ALBERT EINSTEIN MEMORABILIA: TOP 10 MOST VALUABLE ITEMS
The ten most valuable pieces of Albert Einstein memorabilia, including personal letters and important scientific manuscripts that changed the world
10) Unified field theory manuscript
In 1905 Einstein wrote the groundbreaking paper "On the Electrodynamics of Moving Bodies", which described his special theory of relativity concerning the relationship between space and time. Years later in 1939, he created this visual explanation of the theory for his layman friend and Long Island neighbour David Rothman. As one of just four known Einstein handwritten manuscripts concerning the theory, and one of only two in private hands, it sold at Christie’s in June 2008 for $230,500 (around ten times its estimate).
9) Reference library of scientific papers
This collection of papers and documents was Einstein’s own set of reference copies of his work. It included first edition printings of all his major scientific papers dating from 1900 to 1925, totalling 130 offprint copies, which were kept by Einstein’s long-time secretary Helen Dukas after his death. Dukas later gave the collection to Gerald Holten, who worked on the archive of Einstein's scientific correspondence, and in June 2008 the complete set sold at Christie’s for $314,500.
8) Religious beliefs letter
Einstein was often asked about his thoughts on religion, and he provided an insight into his beliefs in a letter to the philosopher Eric Gutkind in 1954. He described religion as “childish superstition”, the Bible a collection of “honourable, but still primitive legends” and (despite being Jewish) denounced the idea that the Jews are God’s favoured people. The revealing handwritten letter sold at a Bloomsbury auction in May 2008, for $404,000.
7) Letters to Mileva Mari?
In 1896, whilst studying maths and physics at the Zürich Polytechnic, the 17-year-old Einstein met Mileva Mari?. The pair became friends, then lovers, and were eventually married in 1903. This set of 53 hand-written letters between the pair date from 1898 until 1903, and were only discovered in 1987. They offered the only evidence that the couple had an illegitimate daughter named Lieserl in 1902, although it is not known whether she was adopted or died of scarlet fever as an infant. The couple were divorced in 1919, having lived apart for years, but this set of letters provided an insight into their young relationship and Einstein’s developing intellect. The letters sold at Christie’s in November 1996 for $442,500.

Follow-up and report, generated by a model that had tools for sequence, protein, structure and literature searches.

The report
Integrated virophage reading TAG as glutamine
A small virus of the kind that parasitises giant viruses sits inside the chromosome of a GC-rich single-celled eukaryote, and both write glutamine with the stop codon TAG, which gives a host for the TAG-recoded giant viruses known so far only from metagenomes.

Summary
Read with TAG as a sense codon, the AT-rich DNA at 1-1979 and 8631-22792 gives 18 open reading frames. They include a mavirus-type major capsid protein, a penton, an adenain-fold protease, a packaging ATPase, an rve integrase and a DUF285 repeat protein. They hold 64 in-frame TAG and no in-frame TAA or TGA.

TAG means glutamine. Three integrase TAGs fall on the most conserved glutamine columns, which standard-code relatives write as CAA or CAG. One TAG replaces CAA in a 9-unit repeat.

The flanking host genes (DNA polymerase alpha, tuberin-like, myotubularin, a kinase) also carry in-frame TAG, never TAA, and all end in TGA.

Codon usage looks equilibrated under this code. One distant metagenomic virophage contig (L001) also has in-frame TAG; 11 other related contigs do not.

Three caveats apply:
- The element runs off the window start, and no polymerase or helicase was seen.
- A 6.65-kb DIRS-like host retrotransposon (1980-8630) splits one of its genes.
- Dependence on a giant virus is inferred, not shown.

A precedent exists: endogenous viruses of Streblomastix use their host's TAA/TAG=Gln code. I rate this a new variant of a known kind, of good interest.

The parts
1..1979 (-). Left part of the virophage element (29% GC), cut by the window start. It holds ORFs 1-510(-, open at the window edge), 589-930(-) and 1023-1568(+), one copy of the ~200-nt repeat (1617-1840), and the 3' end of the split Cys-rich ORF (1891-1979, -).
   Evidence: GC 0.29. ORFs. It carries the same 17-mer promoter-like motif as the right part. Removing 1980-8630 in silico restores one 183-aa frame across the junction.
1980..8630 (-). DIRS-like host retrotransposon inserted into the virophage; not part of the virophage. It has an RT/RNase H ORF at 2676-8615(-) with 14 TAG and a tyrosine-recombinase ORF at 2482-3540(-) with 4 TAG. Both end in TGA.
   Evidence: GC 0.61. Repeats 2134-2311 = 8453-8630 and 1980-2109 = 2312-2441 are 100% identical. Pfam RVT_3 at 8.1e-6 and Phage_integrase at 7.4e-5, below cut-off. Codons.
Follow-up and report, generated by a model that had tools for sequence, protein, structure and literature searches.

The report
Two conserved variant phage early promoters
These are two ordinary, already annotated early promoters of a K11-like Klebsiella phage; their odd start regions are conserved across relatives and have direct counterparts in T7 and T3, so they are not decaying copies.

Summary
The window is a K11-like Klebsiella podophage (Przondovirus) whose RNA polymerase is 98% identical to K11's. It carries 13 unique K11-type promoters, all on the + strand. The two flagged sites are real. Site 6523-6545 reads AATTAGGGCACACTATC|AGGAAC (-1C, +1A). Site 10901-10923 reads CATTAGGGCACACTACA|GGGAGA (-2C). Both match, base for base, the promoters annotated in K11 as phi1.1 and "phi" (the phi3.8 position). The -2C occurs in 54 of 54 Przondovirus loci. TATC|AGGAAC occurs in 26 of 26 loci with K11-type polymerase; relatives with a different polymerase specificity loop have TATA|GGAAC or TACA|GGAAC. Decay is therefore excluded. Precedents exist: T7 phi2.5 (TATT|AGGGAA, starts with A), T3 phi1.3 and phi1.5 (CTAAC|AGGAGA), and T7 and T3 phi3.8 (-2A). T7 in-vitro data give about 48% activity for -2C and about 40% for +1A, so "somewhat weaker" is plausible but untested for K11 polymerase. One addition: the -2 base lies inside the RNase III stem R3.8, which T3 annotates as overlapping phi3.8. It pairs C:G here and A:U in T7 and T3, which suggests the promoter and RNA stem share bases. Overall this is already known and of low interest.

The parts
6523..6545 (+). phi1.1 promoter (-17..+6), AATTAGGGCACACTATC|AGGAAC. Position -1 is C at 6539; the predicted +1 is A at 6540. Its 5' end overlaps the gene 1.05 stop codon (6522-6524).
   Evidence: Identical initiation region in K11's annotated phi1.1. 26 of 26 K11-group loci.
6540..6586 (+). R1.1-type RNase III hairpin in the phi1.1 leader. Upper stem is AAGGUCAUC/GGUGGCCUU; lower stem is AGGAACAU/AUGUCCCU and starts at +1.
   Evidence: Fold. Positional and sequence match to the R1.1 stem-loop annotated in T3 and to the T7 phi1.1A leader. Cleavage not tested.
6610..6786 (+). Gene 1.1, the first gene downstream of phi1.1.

6) Einstein-Besso manuscript
In 1914 Einstein published the final version of his special theory of relativity, which scientists still use to this day. But in the 12 months prior to this, he had worked with his close friend and confidant Michele Besso to see if the theory could account for the well-known anomaly in the motion of the perihelion of Mercury. Just two manuscripts featuring Einstein’s working notes on the special theory are known to exist, and just one is in private hands. This example, bearing contributions by the two physicists, was described as “the most important scientific manuscript of Einstein ever to be offered at auction” and sold at Christie’s in October 2002 for $559,000.
5) Glasgow lecture notes
In June 1933 Einstein gave a lecture describing his breakthrough with the theory of relativity at Glasgow University, in the first of what would become the annual George A. Gibson Lecture series. His hand-written notes from the lecture, in which he spoke about his struggles and triumphs during the ‘Annus Mirabilis’ of 1905 which produced five world-changing papers, sold at Christie’s in June 2010 for $578,500.
4) Gold wristwatch
On February 16, 1931 Einstein attended a luncheon held in his honour by the Jewish community of Los Angeles. He was presented with this inscribed Longines tonneau-shaped, 14K yellow gold wristwatch by Rabbi Edgar Magnin, and later photographed many times wearing it. In October 2008 the watch appeared at auction in New York, where it sold through Antiquorum for $596,000.
3) First scientific paper
Einstein wrote his first scientific paper in 1895 at the age of just 15, entitled ‘On the investigation of the state of ether in a magnetic field’. This early interest in physics would see him enrol at the Zürich Polytechnic to study at just 17, and later write four pioneering papers in his ‘Annus Mirabilis’ at the age of 26. His first handwritten paper was sent to his uncle, and over a century later it was sold at Christie’s in December 2006 for $676,992.
2) Atomic bomb letter
The course of human history was changed by a letter Einstein wrote to U.S President Franklin D. Roosevelt in 1939. Spurred on by research conducted in Germany, Einstein implored Roosevelt to begin developing an atomic bomb before the Nazis did. The Manhattan Project was born, followed by the first A-bomb in 1945, and the destruction of Hiroshima and Nagasaki later that year. An unsent copy of Einstein’s pivotal letter was sold to billionaire Malcolm Forbes in 1986 for $220,000, before auctioning again at Christie’s in 2002 after his death for **$2,096,000.
1) Theory of Relativity manuscript
The world’s most valuable Einstein manuscript is a re-written copy of his Theory of Relativity dating from 1943. Having thrown out his original hand-written notes in 1905 after the paper was published, he produced another version years later to raise money for the U.S government during WWII. His new manuscript was given to the Kansas City Life Insurance Company, who in turn bought War Bonds worth $6.5 million, and donated the manuscript to the U.S Library of Congress. In today’s money that’s a cool $258 million.